[CR]was WTB Campy hub, now - the hub is fixed!!

Example: Production Builders:Pogliaghi
From: "Bill Mattinson" <billmatt@sonic.net>
To: <classicrendezvous@bikelist.org>
Date: Mon, 17 Sep 2001 22:33:54 -0700
In-Reply-To: <20010915.220405.-234721.1.tomWitkop@juno.com>
Subject: [CR]was WTB Campy hub, now - the hub is fixed!!

Thanks to the many members of the Classic list who sent me suggestions of how to fix my cross-threaded freewheel and to those who offered me replacement wheels. The hub and freewheel are back together again and spinning properly - tomorrow I take it out for a test ride.

In addition to the offers of replacement parts, I got several promising suggestions on how to repair it. I tried several, but didn't feel confident enough that I wouldn't make it worse using a thread file (suggested by Sid Smith) or patient enough to chase the threads with a small triangular file (Chuck Schmidt's advice).

What did work was Tom Witkop's scheme to take a bottom bracket lockring (same threading) and cutting it and spreading it open so it would fit over the bad threads onto the good inner threads, then tightening it up and backing it out to recut the buggered up aluminum threads with the steel lockring.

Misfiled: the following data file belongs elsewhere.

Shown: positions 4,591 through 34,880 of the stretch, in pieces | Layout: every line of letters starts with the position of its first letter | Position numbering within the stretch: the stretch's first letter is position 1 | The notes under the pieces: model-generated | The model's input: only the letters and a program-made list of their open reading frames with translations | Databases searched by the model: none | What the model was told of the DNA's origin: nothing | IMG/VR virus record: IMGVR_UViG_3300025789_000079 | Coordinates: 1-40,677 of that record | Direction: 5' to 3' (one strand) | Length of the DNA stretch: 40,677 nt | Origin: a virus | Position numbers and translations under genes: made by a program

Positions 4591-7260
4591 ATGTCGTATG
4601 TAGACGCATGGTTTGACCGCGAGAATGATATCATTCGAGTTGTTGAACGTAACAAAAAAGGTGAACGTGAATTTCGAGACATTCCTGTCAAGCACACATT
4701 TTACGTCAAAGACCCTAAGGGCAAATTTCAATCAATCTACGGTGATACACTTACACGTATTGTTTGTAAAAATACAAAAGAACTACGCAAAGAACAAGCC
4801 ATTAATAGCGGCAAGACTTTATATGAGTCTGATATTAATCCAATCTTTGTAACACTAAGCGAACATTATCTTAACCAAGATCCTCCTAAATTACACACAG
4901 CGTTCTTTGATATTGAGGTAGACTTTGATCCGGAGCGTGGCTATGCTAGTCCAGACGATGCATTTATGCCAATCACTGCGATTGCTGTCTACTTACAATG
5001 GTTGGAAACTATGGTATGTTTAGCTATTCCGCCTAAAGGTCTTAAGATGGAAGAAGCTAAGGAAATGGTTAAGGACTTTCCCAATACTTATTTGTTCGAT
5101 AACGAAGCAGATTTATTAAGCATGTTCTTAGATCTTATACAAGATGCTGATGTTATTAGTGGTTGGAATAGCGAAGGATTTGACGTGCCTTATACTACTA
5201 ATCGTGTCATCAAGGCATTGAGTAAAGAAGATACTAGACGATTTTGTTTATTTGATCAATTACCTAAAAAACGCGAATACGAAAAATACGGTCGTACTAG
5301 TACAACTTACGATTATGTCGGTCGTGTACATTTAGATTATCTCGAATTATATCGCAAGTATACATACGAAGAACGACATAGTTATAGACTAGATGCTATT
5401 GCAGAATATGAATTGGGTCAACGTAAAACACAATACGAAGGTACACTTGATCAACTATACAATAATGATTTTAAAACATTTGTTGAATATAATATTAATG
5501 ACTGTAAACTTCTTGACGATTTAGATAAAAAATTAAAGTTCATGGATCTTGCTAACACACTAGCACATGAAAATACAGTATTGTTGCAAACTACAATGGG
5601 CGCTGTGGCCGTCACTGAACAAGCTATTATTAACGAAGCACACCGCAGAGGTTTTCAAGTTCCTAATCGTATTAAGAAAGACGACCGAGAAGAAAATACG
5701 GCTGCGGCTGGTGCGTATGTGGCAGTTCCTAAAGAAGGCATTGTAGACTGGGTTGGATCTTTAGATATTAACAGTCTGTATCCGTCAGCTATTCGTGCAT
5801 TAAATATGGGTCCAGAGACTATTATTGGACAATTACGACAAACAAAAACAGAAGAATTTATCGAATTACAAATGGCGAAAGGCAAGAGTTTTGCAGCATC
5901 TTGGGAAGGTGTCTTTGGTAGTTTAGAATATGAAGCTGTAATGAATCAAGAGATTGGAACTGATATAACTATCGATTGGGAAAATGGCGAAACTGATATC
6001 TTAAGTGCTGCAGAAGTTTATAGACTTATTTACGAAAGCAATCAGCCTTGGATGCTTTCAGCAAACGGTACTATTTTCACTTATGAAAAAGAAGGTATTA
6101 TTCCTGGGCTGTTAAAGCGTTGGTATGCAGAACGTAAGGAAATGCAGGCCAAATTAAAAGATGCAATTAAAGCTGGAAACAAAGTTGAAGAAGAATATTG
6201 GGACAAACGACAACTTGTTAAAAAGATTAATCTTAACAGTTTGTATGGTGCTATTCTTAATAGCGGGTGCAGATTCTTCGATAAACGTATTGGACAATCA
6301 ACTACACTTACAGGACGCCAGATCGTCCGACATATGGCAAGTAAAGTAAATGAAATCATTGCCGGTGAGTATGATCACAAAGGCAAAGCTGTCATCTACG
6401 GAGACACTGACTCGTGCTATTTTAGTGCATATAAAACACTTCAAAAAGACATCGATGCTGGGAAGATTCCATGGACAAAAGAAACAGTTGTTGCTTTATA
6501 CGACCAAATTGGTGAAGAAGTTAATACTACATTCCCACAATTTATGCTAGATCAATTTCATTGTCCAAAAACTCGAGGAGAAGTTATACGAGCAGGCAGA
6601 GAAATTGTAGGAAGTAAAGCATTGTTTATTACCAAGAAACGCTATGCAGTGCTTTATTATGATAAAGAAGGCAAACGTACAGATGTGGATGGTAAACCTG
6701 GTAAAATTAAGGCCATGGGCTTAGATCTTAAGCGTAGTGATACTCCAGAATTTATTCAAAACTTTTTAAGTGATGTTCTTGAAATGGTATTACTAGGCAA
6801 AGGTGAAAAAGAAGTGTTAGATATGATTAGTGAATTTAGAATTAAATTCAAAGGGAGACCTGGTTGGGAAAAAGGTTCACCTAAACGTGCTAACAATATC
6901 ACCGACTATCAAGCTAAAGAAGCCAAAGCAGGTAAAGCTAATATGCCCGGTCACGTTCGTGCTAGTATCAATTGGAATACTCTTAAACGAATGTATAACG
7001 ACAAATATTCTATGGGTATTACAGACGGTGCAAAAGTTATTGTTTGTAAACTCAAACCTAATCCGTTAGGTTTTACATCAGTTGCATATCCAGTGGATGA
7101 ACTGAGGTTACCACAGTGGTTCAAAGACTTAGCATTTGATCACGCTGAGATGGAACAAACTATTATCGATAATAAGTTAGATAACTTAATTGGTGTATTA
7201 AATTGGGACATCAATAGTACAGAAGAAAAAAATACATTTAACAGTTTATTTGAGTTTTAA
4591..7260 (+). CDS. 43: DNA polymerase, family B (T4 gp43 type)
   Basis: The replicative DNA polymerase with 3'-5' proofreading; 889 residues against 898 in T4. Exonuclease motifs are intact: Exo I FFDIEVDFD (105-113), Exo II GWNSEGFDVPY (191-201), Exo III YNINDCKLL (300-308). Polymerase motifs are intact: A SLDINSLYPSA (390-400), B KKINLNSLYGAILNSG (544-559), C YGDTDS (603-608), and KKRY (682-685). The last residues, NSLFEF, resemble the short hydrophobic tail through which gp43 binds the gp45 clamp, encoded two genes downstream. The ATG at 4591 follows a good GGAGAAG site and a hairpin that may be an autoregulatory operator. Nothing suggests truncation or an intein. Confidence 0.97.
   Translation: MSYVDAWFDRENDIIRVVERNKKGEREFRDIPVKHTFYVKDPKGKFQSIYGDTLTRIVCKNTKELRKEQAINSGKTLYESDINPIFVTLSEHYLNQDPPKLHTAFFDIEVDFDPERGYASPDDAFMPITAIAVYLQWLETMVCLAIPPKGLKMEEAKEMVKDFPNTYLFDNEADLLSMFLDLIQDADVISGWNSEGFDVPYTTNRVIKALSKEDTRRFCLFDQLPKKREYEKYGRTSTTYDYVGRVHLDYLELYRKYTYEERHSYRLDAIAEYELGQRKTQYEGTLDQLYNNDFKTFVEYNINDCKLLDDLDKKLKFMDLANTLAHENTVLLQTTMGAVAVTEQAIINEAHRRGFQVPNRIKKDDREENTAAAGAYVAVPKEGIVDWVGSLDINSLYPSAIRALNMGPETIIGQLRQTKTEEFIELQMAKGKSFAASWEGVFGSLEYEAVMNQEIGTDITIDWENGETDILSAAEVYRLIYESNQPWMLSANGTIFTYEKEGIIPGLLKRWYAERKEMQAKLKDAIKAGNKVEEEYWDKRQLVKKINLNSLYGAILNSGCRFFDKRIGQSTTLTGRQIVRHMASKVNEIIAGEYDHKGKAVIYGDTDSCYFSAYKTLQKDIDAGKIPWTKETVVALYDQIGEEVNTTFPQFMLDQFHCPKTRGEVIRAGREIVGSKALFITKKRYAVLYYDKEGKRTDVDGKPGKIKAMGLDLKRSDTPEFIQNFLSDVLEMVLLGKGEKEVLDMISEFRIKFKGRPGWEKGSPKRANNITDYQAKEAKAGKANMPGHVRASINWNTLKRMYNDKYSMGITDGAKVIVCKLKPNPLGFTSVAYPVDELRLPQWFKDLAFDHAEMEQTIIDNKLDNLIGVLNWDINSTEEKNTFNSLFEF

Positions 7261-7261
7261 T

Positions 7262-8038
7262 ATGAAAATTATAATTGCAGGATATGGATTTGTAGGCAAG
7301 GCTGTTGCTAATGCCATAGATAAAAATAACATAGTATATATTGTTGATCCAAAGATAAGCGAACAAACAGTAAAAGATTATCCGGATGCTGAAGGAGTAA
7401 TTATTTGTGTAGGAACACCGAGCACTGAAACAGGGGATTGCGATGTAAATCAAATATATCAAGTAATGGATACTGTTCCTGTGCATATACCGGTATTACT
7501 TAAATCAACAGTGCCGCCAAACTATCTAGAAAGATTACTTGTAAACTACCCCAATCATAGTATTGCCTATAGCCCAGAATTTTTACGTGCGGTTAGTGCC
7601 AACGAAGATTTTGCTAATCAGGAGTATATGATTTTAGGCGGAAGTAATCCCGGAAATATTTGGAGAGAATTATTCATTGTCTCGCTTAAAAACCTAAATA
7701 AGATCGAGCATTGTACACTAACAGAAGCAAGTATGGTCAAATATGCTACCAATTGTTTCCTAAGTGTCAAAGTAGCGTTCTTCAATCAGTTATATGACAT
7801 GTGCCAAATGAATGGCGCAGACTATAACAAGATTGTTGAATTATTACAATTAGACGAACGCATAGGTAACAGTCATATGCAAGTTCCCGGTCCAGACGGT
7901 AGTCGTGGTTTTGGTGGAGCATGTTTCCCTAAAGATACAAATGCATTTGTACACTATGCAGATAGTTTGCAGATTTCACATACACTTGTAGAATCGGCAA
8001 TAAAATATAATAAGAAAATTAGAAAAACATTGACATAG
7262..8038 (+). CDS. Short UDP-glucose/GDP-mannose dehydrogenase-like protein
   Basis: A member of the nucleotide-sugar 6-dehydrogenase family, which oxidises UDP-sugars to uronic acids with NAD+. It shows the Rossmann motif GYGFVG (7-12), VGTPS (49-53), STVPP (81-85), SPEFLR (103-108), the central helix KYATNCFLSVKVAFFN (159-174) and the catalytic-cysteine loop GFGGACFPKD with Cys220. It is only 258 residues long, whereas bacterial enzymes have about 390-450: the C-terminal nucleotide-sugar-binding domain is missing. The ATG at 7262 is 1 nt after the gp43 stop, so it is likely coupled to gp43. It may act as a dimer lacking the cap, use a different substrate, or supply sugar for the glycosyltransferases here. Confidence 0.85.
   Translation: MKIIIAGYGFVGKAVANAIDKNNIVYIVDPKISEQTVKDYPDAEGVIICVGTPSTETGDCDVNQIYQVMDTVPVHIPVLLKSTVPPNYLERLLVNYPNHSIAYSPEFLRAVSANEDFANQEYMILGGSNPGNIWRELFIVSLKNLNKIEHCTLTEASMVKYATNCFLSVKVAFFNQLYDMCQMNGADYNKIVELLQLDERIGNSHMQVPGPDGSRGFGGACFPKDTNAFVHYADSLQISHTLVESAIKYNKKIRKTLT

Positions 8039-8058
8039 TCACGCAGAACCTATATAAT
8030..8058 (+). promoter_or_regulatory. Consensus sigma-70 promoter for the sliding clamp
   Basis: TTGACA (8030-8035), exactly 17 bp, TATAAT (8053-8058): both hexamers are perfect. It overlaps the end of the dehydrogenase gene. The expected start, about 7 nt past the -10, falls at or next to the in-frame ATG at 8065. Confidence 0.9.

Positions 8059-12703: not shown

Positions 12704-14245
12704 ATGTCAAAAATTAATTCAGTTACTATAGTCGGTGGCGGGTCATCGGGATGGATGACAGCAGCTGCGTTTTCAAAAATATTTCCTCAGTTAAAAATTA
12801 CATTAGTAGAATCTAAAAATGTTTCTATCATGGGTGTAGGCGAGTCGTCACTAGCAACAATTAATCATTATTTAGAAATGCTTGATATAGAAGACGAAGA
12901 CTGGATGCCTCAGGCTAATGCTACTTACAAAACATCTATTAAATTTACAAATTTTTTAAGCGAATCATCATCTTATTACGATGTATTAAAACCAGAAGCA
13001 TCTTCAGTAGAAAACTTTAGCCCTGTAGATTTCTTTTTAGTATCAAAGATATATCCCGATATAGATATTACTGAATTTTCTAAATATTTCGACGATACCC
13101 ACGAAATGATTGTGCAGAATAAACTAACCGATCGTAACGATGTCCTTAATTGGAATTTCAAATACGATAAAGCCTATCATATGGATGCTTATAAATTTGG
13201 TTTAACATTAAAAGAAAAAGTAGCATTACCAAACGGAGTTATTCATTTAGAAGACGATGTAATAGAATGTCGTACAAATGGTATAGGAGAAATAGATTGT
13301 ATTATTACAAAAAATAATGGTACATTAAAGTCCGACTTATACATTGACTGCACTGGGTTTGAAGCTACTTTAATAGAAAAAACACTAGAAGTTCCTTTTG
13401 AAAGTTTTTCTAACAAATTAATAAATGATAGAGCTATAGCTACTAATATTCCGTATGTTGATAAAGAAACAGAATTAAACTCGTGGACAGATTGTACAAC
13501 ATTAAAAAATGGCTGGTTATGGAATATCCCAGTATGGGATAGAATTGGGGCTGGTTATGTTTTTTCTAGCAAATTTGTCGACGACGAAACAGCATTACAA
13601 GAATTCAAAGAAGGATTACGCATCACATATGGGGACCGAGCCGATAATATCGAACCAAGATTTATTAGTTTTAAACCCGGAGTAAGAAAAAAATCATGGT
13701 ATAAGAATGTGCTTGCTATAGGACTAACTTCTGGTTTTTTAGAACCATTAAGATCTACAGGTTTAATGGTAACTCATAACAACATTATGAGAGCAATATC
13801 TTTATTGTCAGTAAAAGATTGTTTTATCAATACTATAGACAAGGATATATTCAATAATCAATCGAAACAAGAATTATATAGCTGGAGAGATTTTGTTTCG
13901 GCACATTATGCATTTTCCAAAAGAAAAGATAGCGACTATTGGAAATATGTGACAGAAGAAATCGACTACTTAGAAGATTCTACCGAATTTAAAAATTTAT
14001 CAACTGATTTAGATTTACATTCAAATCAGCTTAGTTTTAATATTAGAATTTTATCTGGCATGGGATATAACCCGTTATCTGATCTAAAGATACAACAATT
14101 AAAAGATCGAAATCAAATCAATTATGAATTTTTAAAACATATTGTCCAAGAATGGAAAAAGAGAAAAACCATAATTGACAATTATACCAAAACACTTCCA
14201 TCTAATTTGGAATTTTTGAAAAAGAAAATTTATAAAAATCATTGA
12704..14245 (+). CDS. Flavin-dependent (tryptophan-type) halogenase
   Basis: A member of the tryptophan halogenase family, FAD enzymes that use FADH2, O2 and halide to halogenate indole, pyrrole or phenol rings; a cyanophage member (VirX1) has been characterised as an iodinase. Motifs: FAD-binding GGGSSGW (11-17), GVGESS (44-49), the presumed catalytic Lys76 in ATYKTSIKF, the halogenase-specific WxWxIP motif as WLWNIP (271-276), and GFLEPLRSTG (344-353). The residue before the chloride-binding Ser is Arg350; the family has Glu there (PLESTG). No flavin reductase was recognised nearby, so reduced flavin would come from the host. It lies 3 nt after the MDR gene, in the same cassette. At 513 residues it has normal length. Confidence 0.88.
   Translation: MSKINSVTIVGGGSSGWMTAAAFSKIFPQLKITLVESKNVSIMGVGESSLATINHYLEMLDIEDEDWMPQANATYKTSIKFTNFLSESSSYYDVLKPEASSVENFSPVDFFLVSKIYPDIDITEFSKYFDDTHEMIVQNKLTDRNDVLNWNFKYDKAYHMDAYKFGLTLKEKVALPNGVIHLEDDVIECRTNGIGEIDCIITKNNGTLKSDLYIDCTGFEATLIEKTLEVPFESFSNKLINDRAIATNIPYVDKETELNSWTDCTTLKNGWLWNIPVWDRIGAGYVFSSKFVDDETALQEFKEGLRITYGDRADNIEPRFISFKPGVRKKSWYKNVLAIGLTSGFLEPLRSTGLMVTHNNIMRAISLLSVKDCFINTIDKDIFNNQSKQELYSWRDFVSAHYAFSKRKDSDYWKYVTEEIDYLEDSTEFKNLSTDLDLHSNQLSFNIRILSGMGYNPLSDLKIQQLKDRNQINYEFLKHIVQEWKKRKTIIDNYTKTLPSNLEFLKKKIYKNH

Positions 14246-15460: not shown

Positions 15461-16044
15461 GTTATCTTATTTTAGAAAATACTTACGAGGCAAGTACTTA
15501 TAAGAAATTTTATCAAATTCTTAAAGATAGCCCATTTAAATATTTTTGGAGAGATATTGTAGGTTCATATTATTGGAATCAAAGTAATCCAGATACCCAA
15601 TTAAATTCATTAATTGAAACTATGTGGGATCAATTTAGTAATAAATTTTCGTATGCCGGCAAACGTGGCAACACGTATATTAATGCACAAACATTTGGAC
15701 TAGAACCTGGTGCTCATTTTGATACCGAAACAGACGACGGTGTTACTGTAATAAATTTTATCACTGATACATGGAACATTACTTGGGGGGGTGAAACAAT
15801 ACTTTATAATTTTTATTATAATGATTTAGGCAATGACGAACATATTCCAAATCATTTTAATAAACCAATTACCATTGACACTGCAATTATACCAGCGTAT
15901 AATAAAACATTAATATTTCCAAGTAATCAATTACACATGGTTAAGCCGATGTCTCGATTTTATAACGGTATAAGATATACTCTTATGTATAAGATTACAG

I got one free at the bike shop this morning and hacksawed through it tonight, spread it with a screwdriver and slipped it over the hub. I then used big channel lock pliers, gripping at 2 of the lockring slots to pull it back to near original diameter. All this with wheel clamped horizontal in the vise with threads up. First turned the lockring back and forth a bit to make sure it was on the good inside threads, shot a little oil on the threads, then held it tight with channel locks and slowly rotated the wheel. After spinning the lockring off we saw new smooth threads cut where there had only been erratic ridges before the operation.

It still took some care to get the freewheel started back on straight over the lower altitude new threads, but it spun on nice and easy. Tomorrow I'll be riding it to work about 20 miles to give it a little shakedown. I might not use it for a race or long tour, but for daily riding I trust it will be fine.

Again, thank you one and all. This list is a precious resource, especially to home grown untrained bike mechanics like myself.

Bill Mattinson in sunny Sonoma County, CA

ps: I'll be bringing my Masi to the Rendezvous with this wheel on it, but don't ask me to remove the freewheel.